The United States is quickly approaching its September deadline for a full military withdrawal from Afghanistan. As the U.S. completes its withdrawal, many Afghans who partnered with the U.S., serving as translators and interpreters, face the danger of severe retribution from the Taliban.
Those who partner with the U.S. military can obtain a special immigrant visa, or SIV, through the U.S. State Department, but many lawmakers and veterans' groups are concerned that the U.S. is running out of time to approve SIVs for its Afghan partners. To help make sense of it all, Bryce Klehm sat down with Congressman Seth Moulton and Matt Zeller. Rep. Moulton is a representative from Massachusetts who served as a Marine infantry officer in Iraq and who is also a member of the Honoring Our Promises Working Group, a bipartisan group of lawmakers calling on the Biden administration to protect the U.S.'s Afghan partners. Zeller is a Truman Center fellow and host of the Wartime Allies podcast, who served as a combat advisor with Afghan security forces and who is also the co-founder of No One Left Behind, a veterans' organization that provides services to former Afghan and Iraqi interpreters who resettle in the United States.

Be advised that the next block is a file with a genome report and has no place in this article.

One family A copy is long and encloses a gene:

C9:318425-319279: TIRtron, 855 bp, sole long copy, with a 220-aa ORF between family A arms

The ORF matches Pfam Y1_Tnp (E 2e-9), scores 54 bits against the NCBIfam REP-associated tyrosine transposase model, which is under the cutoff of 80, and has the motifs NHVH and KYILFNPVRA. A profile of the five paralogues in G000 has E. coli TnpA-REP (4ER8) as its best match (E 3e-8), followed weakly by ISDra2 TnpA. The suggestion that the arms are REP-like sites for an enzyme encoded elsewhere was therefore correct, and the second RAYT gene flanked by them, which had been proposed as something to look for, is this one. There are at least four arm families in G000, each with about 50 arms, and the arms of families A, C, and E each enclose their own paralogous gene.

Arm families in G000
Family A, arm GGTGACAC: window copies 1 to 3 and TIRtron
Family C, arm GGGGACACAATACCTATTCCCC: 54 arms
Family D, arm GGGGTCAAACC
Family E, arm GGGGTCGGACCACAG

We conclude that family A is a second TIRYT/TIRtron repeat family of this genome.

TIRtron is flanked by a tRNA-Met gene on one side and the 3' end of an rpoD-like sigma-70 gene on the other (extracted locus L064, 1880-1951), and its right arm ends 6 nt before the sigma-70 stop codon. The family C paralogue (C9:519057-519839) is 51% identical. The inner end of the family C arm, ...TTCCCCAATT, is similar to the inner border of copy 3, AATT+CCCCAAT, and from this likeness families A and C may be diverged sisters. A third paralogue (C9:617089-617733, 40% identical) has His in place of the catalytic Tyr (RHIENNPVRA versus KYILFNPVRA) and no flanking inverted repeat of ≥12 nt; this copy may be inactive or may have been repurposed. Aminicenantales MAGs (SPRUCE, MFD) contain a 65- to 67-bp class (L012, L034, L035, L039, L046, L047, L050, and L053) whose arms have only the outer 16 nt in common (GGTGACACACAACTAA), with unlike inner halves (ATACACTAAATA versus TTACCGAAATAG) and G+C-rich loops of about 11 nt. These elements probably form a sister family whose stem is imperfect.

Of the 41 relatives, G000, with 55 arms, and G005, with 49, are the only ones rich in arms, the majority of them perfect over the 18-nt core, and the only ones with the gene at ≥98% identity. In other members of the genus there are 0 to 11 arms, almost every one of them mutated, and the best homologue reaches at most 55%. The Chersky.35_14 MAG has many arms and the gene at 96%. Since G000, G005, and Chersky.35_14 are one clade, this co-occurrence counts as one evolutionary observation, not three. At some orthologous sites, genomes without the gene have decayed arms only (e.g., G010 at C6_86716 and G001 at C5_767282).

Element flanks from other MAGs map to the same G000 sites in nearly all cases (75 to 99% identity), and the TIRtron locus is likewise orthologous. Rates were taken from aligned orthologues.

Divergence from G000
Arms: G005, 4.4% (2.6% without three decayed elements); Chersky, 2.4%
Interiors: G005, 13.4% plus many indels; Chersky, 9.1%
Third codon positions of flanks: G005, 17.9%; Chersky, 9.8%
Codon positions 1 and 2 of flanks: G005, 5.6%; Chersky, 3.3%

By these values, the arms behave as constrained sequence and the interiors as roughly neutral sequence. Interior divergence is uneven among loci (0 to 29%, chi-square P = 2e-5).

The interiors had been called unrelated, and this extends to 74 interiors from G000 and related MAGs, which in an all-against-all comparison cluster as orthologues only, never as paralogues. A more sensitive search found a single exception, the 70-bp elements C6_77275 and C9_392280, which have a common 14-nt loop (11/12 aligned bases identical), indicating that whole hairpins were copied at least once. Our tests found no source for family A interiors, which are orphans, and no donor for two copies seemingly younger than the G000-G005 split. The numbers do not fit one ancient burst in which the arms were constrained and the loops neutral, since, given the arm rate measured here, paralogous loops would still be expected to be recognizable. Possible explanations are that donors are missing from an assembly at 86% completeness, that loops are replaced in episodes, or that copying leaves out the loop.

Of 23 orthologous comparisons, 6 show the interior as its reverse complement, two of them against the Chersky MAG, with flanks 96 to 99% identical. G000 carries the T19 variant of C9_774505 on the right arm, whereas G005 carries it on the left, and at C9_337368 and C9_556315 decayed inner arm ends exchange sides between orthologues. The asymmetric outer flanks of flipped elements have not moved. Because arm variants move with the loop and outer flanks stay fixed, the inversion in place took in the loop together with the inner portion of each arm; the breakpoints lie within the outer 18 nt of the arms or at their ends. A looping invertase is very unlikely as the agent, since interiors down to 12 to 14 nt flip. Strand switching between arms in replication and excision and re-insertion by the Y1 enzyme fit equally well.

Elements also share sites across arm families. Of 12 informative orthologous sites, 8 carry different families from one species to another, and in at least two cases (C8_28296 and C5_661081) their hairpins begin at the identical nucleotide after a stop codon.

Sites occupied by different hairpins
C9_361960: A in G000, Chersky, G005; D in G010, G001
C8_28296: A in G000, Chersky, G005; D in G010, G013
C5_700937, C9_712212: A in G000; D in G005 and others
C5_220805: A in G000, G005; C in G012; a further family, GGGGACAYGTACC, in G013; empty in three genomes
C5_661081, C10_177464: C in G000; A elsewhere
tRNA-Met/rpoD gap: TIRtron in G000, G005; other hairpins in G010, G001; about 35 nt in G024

They covered a range of issues, including the risks that current and former U.S. partners in Afghanistan face, the obstacles in the SIV process and a potential evacuation of U.S. partners to Guam.
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